Difference between revisions of "Jean-Baptiste Bagaza"

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|Image = Jean-Bapiste Bagaza.jpg
|fullname = Jean-Baptiste Bagaza
|alias =
|origin = Rutovu, Ruanda-Urundi
|occupation = President of Burundi (1976 - 1987)
|type of villain = Military Dictator
|goals = Remain in power (successful until 1987)<br>Return to power (failed)<br>Keep the Hutus out of the government (partially successful)<br>Expel Hutus from Burundian society (failed)<br>Pacify Burundi (he barely got it)
|crimes = Mass [[murder]]<br>[[Genocide]]<br>Mass repression<br>[[War crimes]]
|hobby =
}}'''Jean-Baptiste Bagaza''' (29 August 1946 – 4 May 2016) was a Burundian army officer and politician who ruled Burundi as president and ''de facto'' military dictator from November 1976 to September 1987.
Bagaza was born in Rutovu, Bururi Province in Belgian-ruled Ruanda-Urundi on 29 August 1946. His family were ethnic Hima, part of the wider Tutsi ethnic group. After studying in Catholic schools in Bujumbura, he enlisted in the army of the newly independent Kingdom of Burundi. He was sent to Belgium in 1966 where he studied at the Royal Military Academy in Brussels until 1971. He returned to Burundi in 1972 and was appointed adjunct chief of staff of the Burundian military, largely because of his family's connections to the dictator [[Michel Micombero]] who also came from Rutovu. Bagaza was involved in [[Ikiza|Micombero's genocidal killings of ethnic Hutu]] in 1972.
Bagaza overthrew Micombero in a military coup on 1 November 1976. The constitution was temporarily suspended by a military junta, the 30-member Supreme Revolutionary Council, which declared Bagaza president on 10 November 1976. Bagaza initiated a number of reforms after taking power, attacking corruption and making modest reforms to improve conditions for Hutus who had been targeted under the Micombero regime. Some Hutu refugees were allowed to return from [[exile]] in Zaire and Tanzania where they had fled during the genocide.
Burundi's feudal system of land tenure, known as the ''Ubugererwa'', was abolished in 1977. However, Bagaza ensured that the Tutsi remained economically and politically dominant. A programme of economic modernization was begun to allow the emergence of small-scale capitalist agriculture, involving the construction of two new hydroelectric dams which still form the basis for Burundi's energy infrastructure.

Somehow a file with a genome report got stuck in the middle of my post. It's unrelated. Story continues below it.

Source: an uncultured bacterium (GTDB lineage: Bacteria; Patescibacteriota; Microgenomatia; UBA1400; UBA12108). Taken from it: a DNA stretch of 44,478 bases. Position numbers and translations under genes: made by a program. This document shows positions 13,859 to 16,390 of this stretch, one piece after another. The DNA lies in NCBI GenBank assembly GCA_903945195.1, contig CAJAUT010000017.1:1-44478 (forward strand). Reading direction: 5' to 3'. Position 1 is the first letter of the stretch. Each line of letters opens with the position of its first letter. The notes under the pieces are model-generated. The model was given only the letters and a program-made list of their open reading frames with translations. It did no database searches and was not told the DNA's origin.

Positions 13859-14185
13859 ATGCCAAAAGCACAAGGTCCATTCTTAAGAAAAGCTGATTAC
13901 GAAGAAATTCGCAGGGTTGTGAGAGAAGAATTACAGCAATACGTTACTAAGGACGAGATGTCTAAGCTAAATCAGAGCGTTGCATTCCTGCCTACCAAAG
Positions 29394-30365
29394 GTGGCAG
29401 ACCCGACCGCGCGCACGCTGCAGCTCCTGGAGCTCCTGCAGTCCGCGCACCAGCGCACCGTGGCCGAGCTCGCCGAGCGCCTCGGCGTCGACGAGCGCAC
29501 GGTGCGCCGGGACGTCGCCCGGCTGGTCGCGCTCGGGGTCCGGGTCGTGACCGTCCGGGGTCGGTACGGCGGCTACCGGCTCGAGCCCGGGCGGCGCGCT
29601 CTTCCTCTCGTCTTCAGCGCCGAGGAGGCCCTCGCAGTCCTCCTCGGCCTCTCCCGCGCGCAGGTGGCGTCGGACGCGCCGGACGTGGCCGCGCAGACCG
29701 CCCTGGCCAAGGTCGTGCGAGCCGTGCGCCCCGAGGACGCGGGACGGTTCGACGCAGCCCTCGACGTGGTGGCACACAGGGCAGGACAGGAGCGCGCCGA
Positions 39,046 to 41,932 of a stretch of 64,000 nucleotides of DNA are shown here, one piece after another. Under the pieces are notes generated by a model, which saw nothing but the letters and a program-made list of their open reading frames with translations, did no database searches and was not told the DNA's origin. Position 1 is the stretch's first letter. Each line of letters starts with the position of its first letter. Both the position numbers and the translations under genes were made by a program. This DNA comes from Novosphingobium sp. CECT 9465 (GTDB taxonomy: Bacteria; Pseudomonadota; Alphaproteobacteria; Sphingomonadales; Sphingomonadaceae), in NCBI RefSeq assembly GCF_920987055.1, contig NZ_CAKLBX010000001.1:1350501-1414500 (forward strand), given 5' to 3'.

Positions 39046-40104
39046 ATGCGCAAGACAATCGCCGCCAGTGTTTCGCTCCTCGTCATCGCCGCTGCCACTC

A military coup broke out in September 1987, led by Major [[Pierre Buyoya]], while Bagaza was abroad in Quebec, Canada. Buyoya successfully deposed Bagaza's regime and established himself as president. Bagaza himself went into exile in neighbouring Uganda and later in Libya where he lived until 1993. Opposed to the empowerment of Hutu through the 1993 elections, he reportedly played a major part in the ''coup d'état'' against Melchior Ndadaye, Burundi's first democratically elected president. The putschists killed Ndadaye, but failed to maintain control. Power was consequently returned to a civilian, democratic government. 
Despite the coup's failure, Bagaza returned to Burundi where he founded the Party for National Recovery (Parti pour le Redressement National, PARENA). He was a senator for life as a former head of state. At the time, Bagaza was known for his extreme views, including general opposition to any power-sharing agreements with Hutu factions such as the Front for Democracy in Burundi (Front pour la Démocratie au Burundi, FRODEBU). He eventually began to advocate the division of Burundi into a "Tutsiland" and a "Hutuland".
On 18 January 1997, Bagaza was placed under house arrest for gathering weapons for a plot against President Buyoya. Two months later, the house arrest was changed into a prison sentence, though he was quickly released. Bagaza was subsequently involved in the peace talks which were supposed to end the Burundian Civil War. As he and PARENA as a whole tended to be opposed to the implementation of power-sharing deals with the Hutu rebels, the government placed Bagaza under house arrest and banned PARENA from November 2002 to May 2003.
In 2005, there were rumours that radical followers of Bagaza were organising a rebel group known as "Justice and Liberity United Front". Tensions abated when PARENA accepted ministerial position in the newly formed coalition government. In 2010, Bagaza ran as PARENA's candidate for the 2010 presidential election, but withdrew when the Burundian opposition boycotted the elections. He stepped down as head of PARENA in March 2014, and was succeeded by Zénon Nimbona. Bagaza remained the main opposition leader in the Burundian Senate, and joined the opposition boycott of the 2015 elections.
He died in Brussels, Belgium on 4 May 2016 at the age of 69 of natural causes and was buried in Bujumbura on 17 May 2016.
[[Category:Modern Villains]]
[[Category:African Villains]]
[[Category:War Criminal]]
[[Category:Mass Murderers]]
[[Category:Neutral Evil]]
[[Category:Power Hungry]]
[[Category:Corrupt Officials]]
[[Category:Karma Houdini]]

Revision as of 02:03, 30 October 2021

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